$40 Million Dollars Paid by Insurance Carriers and 13,000 California Patients Affected in an Alarming Kickback Scheme

Fraud, Medicare Set-Aside Blog, Work Comp on April 21, 2017
Posted by Jean S. Goldstein, JD, CMSP

Yesterday, 26 defendants (21 doctors, 2 pharmacists, 1 physician assistant, and 2 business owners) were criminally charged in connection with a 40-million-dollar kickback scheme affecting 13,000 California patients statewide.  Two defendants, Tanya King and Christopher King “the Kings”, allegedly masterminded a complex insurance fraud scheme by recruiting both pharmacists and doctors to prescribe medically unnecessary or ineffective treatment for workers’ compensation patients.  Between 2011 and 2014, defendants and their co-conspirators, billed insurance companies $40 million dollars and collected $23 million dollars.  Defendants are accused of allegedly running three scams:

  • Snake Oil Scam
    • The Kings contracted with a pharmacist to mass manufacture thousands of compound transdermal creams, which are not FDA approved or formulated to specific patients.
    • The cost to manufacture each tube of compound cream was between $15-$40, while insurance companies were billed $250-$700/per tube.
    • The scheme further involved recruiting physicians with cash incentives to prescribe the creams.
  • Medical Kickback Scam
    • The Kings purchased repackaged pain medication from two repackagers and sent medications to the physicians involved in the scam.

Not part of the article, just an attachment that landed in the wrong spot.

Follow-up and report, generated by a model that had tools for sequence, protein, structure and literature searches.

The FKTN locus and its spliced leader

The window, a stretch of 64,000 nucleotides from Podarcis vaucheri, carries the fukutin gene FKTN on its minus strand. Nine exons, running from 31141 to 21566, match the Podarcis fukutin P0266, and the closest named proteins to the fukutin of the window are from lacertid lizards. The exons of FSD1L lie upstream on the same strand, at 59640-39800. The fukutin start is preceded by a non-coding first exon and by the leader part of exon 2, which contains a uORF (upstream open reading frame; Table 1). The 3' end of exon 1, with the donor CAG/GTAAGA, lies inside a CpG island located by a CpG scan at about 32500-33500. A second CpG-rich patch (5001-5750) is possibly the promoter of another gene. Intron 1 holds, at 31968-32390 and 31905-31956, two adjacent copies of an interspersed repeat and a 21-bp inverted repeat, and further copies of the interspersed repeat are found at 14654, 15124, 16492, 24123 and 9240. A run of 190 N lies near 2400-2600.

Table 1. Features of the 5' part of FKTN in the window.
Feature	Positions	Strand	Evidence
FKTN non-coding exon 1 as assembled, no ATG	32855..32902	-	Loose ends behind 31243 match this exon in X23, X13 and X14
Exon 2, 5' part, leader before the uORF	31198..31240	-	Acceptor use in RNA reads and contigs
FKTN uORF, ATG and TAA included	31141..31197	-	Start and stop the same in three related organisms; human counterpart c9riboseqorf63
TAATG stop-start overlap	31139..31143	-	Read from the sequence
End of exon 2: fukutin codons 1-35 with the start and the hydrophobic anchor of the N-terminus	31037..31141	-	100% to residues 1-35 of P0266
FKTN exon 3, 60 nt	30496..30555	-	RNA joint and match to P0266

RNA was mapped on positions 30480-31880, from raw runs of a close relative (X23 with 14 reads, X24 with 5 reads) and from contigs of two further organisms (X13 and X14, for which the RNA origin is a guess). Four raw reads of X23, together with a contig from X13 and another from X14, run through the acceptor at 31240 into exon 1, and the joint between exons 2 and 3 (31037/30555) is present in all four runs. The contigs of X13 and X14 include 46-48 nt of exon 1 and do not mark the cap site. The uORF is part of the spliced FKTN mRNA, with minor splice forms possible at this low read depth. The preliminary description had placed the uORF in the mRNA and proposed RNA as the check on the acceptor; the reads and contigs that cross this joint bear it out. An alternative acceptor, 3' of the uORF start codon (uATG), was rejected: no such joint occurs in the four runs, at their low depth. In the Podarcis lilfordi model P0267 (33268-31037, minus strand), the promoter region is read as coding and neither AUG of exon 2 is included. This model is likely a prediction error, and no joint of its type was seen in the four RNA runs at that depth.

• When medication was dispensed, workers’ compensation insurance carriers were billed without being advised of the wholesale cost.
    • The profits were split between prescribing physicians.
  • Bogus Urine Test Scam
    • Physicians ordered unnecessary urine tests under the guise of verifying that workers’ compensation patients were taking medications as prescribed.
    • The cost per urine test was $60, but insurance carriers were billed hundreds of dollars per patient.

The defendants in the action are looking at a long string of felony charges. The named defendants involved in the scheme can be found here.  We are reviewing our open files to determine if any of these physicians have been involved.  Interestingly, we have found that CMS has responded favorably to re-review requests, when we have disclosed news of an indictment or disciplinary actions involving physicians who have either overprescribed medications or mismanaged their practice.

As a Medicare-Set Aside provider, one of our primary duties is to analyze recommended medical treatment options for injured workers to ensure Medicare Secondary Payer Compliance.  We stand behind providing the most compliant cost-effective solutions possible; but we also stand behind advocating for both our clients and injured workers.  The bottom line is that we believe that medically necessary treatment options or options that may be efficacious should be provided. When we are tasked with providing a clinical analysis of recommended treatment options, our clinical experts review and determine the medical necessity and appropriateness of the treatment.  In some cases, we have noted over prescribing actions and recommendations of physicians.  The alarming news of this insurance fraud scheme and similar news is ethically concerning.  In this case, 13,000 patients either received treatment they did not need, that was not medically necessary, or were not provided the treatment they actually needed.  We will continue to advocate on behalf of interested parties and provide the intervention we can.  If you are concerned about recommended treatment options, our clinical experts are here to help.  Contact us at info@medval.com to find out more about our clinical solutions, and how we can provide the analysis and focused intervention that ensures a successful outcome for all parties.